In the first rounds of deforestation, when the number of displaced orangutans became too many to ignore, palm oil companies and NGOs airlifted them to rehabilitation centers or intact forest elsewhere. But relocating the apes is no longer an option, according to Karmele Sanchez, director of International Animal Rescue (IAR) Indonesia program, an NGO rehabilitating primates. “The habitat is so heavily disturbed and fragmented," she says, that "there isn't near enough forest to put all rescued orangutans.” Instead of overcrowding protected areas like national parks, Sanchez urges plantation operators to accommodate their resident orangutans onsite. For RSPO members, this means a greater emphasis on HCV inholdings within their plantation tracts.
In 2010, Greenpeace activists ran a TV ad showing a man chomping into a Nestlé’s chocolate bar only to find, to his horror, blood dribbling down his chin. Cut to a jungle scene of a screaming orangutan. Then the punch line: “Ask Nestlé to give rainforests a break.”
Partly in response, Nestlé joined the RSPO and temporarily docked one of its most environmentally egregious palm oil suppliers, Jakarta-based Sinar Mas. The company also redesigned its "responsible sourcing guidelines" to only buy palm oil from law-abiding plantations that maintained peatlands, as well as “high carbon” and “high conservation value” forests on their property.
But some environmentalists are unconvinced that such efforts are effective. Hardi Baktiantoro, co-founder of the Center for Orangutan Protection in Jakarta, Indonesia, likens them to “mopping the floor while ignoring the still-gushing tap that’s causing the puddle in the first place.” Others, like Michelle Desilets of the policy think-tank Orangutan Land Trust in Derbyshire, England, remain agnostic: “the RSPO is not a perfect solution but it is the only way to get larger consensus” on orangutan conservation and protection on palm plantations.
But whereas the RSPO may be useful for setting industry standards, its efficacy for enforcing them is another matter. When RSPO member company First Resources, based in Singapore, converted its HCV patches into palm plantations, IAR filed a complaint with the standard-setting consortium. That was 10 years ago; the case is still pending. Even the model HCV enclave that PT-KAL so proudly showed me was smaller than what was recommended by the biodiversity assessors it contracted. Why should companies go overboard with HCV set-asides when they could lose their forest leases for under-exploiting their conditional "use permits"? The RSPO has yet to reconcile this incongruity between its own charter and Indonesian licensing laws. It does not help that RSPO sanctions are not binding, anyway. The organization's charter says companies will be kicked out for flouting their commitments, but repeated NGO "hit lists" of violators have led to few reprimands.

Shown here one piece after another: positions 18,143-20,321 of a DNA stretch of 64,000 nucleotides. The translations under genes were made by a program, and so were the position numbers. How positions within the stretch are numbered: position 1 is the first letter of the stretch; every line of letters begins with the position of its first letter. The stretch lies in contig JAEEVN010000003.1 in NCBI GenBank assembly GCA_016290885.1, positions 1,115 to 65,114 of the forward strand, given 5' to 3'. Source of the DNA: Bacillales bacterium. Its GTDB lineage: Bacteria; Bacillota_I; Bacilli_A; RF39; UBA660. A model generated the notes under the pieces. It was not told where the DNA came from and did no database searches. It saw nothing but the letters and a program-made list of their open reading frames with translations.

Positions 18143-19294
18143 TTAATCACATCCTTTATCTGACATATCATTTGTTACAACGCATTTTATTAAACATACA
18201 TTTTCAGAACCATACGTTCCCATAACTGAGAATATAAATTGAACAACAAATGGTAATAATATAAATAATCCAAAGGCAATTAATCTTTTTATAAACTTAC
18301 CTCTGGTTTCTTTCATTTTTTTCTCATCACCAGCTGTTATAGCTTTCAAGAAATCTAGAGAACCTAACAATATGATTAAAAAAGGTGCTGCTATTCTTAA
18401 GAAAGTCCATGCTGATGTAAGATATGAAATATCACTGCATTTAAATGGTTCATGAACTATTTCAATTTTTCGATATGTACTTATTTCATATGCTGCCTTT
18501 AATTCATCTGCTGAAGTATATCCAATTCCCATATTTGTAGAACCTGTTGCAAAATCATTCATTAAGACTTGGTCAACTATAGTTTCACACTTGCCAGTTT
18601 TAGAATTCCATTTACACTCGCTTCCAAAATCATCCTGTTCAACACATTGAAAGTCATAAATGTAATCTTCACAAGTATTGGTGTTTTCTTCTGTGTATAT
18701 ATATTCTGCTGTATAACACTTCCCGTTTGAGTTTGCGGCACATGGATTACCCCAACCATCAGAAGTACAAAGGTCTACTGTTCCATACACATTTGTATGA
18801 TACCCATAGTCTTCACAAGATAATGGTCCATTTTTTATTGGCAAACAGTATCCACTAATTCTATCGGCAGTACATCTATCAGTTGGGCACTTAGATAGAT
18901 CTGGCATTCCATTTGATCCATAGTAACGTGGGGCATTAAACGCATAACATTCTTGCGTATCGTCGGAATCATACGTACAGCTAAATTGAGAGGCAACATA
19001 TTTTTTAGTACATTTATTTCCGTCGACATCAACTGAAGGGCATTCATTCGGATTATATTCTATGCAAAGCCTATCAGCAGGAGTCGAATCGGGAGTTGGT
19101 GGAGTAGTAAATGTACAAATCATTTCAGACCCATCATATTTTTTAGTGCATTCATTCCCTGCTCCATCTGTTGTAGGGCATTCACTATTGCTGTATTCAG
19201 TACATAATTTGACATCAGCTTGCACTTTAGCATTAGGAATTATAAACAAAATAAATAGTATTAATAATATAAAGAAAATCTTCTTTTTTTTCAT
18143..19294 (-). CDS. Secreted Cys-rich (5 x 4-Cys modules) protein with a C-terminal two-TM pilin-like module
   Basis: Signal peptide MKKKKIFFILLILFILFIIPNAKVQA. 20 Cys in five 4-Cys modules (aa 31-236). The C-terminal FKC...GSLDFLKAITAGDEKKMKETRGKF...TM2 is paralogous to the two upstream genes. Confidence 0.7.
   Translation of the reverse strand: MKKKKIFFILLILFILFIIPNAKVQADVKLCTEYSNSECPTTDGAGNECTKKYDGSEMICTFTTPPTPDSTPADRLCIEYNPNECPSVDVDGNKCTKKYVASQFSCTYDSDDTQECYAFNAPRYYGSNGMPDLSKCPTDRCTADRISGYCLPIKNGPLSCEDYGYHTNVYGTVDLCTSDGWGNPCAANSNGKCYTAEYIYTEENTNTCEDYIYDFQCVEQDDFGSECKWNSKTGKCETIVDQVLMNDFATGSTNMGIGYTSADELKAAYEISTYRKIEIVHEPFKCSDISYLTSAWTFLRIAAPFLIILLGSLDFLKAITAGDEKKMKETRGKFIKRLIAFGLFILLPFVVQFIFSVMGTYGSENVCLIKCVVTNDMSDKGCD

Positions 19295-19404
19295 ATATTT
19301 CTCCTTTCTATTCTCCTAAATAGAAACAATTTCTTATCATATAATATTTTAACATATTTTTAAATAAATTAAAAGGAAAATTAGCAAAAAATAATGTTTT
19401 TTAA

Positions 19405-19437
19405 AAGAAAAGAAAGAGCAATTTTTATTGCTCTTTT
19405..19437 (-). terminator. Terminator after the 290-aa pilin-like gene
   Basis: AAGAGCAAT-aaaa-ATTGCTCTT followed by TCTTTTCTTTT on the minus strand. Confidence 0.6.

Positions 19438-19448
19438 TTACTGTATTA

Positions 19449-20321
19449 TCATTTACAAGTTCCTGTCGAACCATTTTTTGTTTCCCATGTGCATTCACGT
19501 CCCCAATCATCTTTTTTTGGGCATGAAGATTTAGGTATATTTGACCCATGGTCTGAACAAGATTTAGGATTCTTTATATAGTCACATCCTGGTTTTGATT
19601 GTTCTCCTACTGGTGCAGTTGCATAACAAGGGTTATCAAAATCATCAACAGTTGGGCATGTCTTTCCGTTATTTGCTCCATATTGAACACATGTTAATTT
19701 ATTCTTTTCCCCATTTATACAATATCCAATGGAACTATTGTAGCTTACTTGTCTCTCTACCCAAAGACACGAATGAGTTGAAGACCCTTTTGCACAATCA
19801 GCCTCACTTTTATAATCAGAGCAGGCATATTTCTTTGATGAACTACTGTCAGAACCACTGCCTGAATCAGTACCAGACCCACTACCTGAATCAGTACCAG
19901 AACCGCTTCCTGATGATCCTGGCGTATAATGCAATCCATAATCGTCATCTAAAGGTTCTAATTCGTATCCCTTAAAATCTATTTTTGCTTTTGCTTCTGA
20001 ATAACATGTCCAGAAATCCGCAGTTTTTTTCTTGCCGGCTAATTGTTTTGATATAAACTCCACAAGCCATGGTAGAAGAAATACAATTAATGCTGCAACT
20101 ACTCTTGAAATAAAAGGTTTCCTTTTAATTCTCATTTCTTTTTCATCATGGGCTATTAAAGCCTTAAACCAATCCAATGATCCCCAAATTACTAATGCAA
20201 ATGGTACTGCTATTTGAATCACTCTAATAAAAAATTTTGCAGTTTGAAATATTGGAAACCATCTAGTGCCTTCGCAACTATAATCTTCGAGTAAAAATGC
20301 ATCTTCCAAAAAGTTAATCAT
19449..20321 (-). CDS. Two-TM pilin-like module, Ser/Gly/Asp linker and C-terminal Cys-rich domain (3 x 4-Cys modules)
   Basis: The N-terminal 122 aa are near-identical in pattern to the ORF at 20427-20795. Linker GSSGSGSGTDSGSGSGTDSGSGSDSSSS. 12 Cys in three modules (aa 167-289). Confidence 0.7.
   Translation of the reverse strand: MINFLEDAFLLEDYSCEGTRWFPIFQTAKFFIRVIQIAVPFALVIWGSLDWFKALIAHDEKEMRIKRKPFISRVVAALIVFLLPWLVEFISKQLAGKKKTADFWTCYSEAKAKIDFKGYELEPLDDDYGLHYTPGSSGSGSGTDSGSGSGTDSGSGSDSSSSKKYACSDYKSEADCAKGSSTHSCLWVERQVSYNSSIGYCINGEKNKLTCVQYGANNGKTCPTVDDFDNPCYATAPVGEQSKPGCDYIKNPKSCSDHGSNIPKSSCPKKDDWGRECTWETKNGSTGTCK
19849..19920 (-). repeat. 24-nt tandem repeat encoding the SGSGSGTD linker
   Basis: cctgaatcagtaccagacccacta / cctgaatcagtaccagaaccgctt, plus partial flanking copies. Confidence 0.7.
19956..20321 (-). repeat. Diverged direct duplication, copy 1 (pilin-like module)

Perhaps it should come as no surprise, then, that some conservationists see the RSPO as a cynical exercise in “greenwashing”—dressing up business-as-usual practices with a semblance of environmental stewardship while shirking any real change. After all, the whole endeavor was conceived for PR purposes to begin with, notes Marc Ancrenaz, co-founder of the Malaysia-based NGO, HUTAN. “Companies comply because they want a good image.”
Sonny Sukada, the sustainability director at PT KAL’s parent company ANJ, maintains that the reduced size of the HCV area was needed to “align” the company’s commitment to local communities and its planting objectives, in addition to conservation needs.
In an e-mail, RSPO communications manager Letchumi Achanah acknowledged that the RSPO complaint system was a “long process.” But she defended the speed of negotiations as necessary to “engage” the complainers and the offending party “rather than taking action on the involved party,” which might “formally end a complaint sooner but leave no avenue for improvement on the ground.” As for greenwashing, Achanah noted, “palm oil production has been linked to deforestation, violation of labor rights and displacement of local communities.” The RSPO was set up to address this “urgent concern.”
The HCV concept is hardly unique to the palm oil industry. First developed in 1999 by the Forest Stewardship Council to manage timber plots, it has since been adopted by nine sustainability-certification schemes, including those for soy, wood and pulp producers. But in new palm plantations, the HCV enclaves are particularly beleaguered.